Helping Farmers Turn a Profit

Women from the Paraxaj community in Guatemala pack lettuce for a new buyer.
Women from the Paraxaj community in Guatemala pack lettuce for a new buyer.
Farmers Learns How Smart Business Strategies Bring Profits
USAID sponsored an agriculture expert to consult with local farmers on business practices. The expert “opened doors for us,” said Mariano Canú, head of the Asociación de Agricultores Paraxaj.

In 2004, a farming association in the town of Tecpán, located about 45 minutes outside Guatemala City, was struggling to keep its vegetable farms profitable. The Asociación de Agricultores Paraxaj, comprised of 35 families during the dry season and 75 families during the rainy season, lacked the infrastructure and know-how to make improvements, penetrate new markets, and turn a profit. If the association continued on this path, participating families would likely face economic hardship and the future of the farms would be in jeopardy.

In July 2004, the association requested assistance from USAID to help the farmers develop a strategic plan and more effectively organize their work. An enterprise development expert, Juan Rosado, was called to work with the farmers to develop a strategic plan. He conducted a business analysis and helped develop a mission, vision, and goals statement for the organization. He also helped the association create a business plan and train members in searching for and selling to new markets.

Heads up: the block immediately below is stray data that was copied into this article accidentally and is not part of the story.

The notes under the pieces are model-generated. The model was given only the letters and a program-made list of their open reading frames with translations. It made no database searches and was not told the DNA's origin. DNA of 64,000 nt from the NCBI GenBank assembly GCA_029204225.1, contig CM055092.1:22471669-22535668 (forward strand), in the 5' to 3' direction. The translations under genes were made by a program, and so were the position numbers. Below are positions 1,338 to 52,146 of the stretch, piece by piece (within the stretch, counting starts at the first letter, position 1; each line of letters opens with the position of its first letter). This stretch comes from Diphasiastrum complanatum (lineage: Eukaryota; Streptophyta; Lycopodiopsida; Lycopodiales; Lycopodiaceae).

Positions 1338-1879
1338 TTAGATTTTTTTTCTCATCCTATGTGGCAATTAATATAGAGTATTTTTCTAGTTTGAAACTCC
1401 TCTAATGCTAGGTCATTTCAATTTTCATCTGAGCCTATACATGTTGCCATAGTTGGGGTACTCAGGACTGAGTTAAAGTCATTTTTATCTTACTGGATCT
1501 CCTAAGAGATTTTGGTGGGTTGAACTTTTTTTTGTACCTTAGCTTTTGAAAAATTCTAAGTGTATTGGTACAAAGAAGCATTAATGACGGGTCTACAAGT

In just two months, the farmers accomplished their first goal of obtaining a Quality Certificate. Then, they obtained a $200,000 loan to expand their irrigation systems, allowing more members to produce vegetables year-round.

Since then, the association has achieved many of its goals. It has constructed packing facilities that enabled increasing its client base, launched negotiations with a regional chain store to sell $20,000 in horticulture products, initiated a search to find regional buyers willing to purchase at higher rates, and signed a contract with a national exporter to sell zucchini, peas, and radishes to U.S. markets.

Members of the Paraxaj community have increased their incomes and created 20 new jobs. With the additional income, families have made other important changes to their lives, such as improving their houses, providing better education for their children, and acquiring better sanitation facilities.

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Last updated: August 12, 2013

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